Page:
Up Close: Joel Shulkin, MD
Navigating Adverse Effects
In most thrillers, our heroes face bullets, bombs, or invading armies. But what if the real threat is in your mind? That’s one of the questions Joel Shulkin poses in his new medical thriller, ADVERSE EFFECTS.
The story starts when patients in clinical psychiatrist Dr. Cristina Silva’s study group start killing themselves. She’s not just worried about the patients—she’s taking the same drug. It’s helped her recover memories she’d lost in the accident that killed her parents, and she doesn’t want to lose those memories—but she needs to prove the drug is safe.
According to Shulkin, Christina is not outgoing. He says that at a party she’d be the girl in the corner, nursing a mojito until her best friend dragged her into a conversation. But there’s good reason for it.
“The scars of a past relationship hold her back from getting too close to anyone else,” Shulkin says, “and her passion for neuroscience can cause her to be unintentionally hurtful when defending her point.”
That said, if you’re lucky enough to get past her defenses, she’ll fight for you with her last breath. She may underestimate her professional ability as a psychiatrist and be unaware of her potential as a heroine.
“Her actions are driven by one goal,” Shulkin says. “To restore the memories she lost in a car crash two years ago. She’s made poor choices, even unethical ones, in her desperate quest. She’s made mistakes in the past she doesn’t even remember. And yet she cares about those she meets: her patients, her pet, her best friend, and even the stranger who approaches her on the street. She’s willing to bend the rules to help an Alzheimer patient who, like Cristina, wants nothing more than to hold on to the memories of her family.”
Over the course of the book, she rises above her fears and risks her own safety—and memories—to save those she cares about. But she’s dogged by hallucinations, nightmares, delusions, and a commanding voice in her head. She struggles to keep her wits while she battles real and perceived threats against her career and her life. As her mental state deteriorates, she must face the possibility that either she’s going insane, or everyone she trusts is against her—or both.
Christina’s search for her true identity has her dodging friends who may be enemies and the adverse effects of a drug that could destroy her. But the real threat is the mercenary called Quinn. When his parents cut off his access to their wealth at a young age, he sought power as a replacement—and found it.
“He wants information locked away in Cristina’s traumatized mind,” Shulkin says, “but he also wants to keep her from learning the truth about her past. He hates getting his hands dirty, and so he sends operatives to do the hard work while he operates behind the scenes to help develop the memory drug for his own devious purposes.”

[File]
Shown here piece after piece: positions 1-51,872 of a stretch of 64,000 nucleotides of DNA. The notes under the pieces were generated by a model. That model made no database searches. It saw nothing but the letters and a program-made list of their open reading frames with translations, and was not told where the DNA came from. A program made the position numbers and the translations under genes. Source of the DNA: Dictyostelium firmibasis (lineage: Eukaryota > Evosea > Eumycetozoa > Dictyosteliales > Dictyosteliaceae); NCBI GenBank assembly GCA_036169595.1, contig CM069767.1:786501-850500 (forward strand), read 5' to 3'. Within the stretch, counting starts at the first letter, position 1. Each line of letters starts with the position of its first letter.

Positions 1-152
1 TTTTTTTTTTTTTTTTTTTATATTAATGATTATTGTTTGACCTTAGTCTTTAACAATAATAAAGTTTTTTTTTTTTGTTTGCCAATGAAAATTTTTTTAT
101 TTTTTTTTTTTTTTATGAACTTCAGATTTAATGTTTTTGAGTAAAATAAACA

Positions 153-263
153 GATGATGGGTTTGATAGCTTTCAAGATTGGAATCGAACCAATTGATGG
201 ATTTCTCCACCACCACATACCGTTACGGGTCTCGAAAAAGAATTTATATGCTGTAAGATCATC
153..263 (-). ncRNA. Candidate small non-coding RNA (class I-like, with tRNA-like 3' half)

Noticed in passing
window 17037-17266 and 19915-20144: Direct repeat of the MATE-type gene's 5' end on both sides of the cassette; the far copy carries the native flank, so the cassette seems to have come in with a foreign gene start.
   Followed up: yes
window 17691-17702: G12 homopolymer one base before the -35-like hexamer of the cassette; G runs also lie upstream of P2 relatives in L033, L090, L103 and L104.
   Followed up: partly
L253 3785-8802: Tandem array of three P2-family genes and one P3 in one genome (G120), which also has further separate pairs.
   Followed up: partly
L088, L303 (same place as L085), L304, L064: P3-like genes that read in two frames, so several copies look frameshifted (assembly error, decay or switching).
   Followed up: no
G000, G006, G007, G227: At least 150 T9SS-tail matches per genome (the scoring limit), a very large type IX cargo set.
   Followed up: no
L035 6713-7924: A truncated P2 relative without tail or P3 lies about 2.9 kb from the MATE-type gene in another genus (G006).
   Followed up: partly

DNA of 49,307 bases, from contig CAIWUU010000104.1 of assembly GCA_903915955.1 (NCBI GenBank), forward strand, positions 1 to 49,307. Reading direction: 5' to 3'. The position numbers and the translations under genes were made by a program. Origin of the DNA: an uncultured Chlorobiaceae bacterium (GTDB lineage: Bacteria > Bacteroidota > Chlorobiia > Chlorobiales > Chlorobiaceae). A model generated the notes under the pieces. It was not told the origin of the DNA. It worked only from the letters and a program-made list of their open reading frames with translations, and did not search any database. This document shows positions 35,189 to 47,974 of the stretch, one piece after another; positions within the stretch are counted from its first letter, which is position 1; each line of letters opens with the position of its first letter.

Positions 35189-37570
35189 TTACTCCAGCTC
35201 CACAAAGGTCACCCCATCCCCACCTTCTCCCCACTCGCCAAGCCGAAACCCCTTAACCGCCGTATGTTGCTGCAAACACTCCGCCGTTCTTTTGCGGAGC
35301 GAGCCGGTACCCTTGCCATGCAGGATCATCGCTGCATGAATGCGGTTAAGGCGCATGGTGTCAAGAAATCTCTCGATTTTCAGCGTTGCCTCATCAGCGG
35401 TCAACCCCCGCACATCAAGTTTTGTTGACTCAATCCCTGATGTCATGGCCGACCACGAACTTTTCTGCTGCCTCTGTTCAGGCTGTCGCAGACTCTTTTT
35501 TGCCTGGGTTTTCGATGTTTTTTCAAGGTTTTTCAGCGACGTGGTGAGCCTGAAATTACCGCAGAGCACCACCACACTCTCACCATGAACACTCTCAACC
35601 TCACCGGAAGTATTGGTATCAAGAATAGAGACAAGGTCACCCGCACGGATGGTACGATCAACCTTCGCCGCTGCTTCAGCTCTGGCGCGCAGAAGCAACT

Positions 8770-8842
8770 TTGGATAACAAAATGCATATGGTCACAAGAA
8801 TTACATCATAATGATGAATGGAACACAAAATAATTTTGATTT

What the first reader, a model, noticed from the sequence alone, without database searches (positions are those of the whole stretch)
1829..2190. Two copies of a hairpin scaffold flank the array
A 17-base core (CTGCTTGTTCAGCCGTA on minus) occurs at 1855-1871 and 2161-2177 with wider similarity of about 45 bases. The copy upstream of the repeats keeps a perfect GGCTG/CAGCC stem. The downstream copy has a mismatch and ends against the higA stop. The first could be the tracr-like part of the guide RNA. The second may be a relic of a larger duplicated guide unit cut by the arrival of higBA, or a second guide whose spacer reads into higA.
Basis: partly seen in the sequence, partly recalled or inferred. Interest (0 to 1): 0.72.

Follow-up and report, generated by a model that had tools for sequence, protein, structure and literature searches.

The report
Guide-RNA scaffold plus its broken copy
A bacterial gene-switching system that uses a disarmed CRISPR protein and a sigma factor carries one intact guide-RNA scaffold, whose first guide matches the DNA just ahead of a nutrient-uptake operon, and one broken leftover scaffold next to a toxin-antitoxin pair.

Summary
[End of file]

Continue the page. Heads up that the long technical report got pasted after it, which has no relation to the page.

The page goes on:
Part of what makes this book so scary is the basis in fact. Anything we put in our body has the risk of adverse effects that sometimes don’t become obvious until years after federal approval.
“The asthma medicine montelukast, long thought to be a safe and benign drug, was recently linked to mood changes and risk of suicidality,” Shulkin says. “All currently available psychotropic drugs, those that affect our mind and emotions, have the potential to cause more harm than good, which is why it’s always critical for prescribers to weigh the possible risks against the possible benefits with their patients.”
Clearly a great deal of research went into this novel. Still you may wonder how the story came together in the author’s mind, and why he chose to create a female protagonist. Shulkin tells us that the idea for this book came from sitting in an empty bus in Boston.
“A few minutes into the ride, someone else boarded and, with every available seat to choose from, sat directly behind me,” he says. “To me, as a man, it felt mildly uncomfortable, but I could imagine that, in today’s society, a woman might be even more creeped out, especially if the person behind them started saying things to them like, ‘I know who you are.’ As the story idea developed, I knew I wanted my protagonist to be a female psychiatrist who had an empathic connection with her patients and who would react to the threats and discoveries she encounters from a deeper plane of emotion than a male protagonist might. The reason I made her Brazilian is simpler: my wife is from Brazil, so I’m well versed in the culture.”
Actually, that ended up adding a rich layer of complexity to both Cristina’s character and to the story itself. And in any case, writing a character having hallucinations and delusions must be challenging. So I asked Shulkin how he handled switching from reality to hallucination and back.
“I needed lots of coffee and some serious counseling afterward,” he jokes. “No, seriously, I’m a big fan of stories that blur the lines between reality and fantasy, like Total Recall and The Girl on the Train, so I enjoyed the challenge of envisioning what Cristina experiences, remembering that it all feels real to her, even when her psychiatrist mind tries to convince her otherwise. The key in writing these scenes was to show Cristina’s reactions as if she were truly living those experiences, and then afterward describe how she tries to analyze them.”
In fact, the character became so strong that Shulkin is already finishing a sequel. Titled Toxic Effects, it picks up a few months after the ending of ADVERSE EFFECTS, with Cristina trying to start over and fill in the remaining missing pieces of her life. Of course, new drugs and new villains threaten her loved ones.
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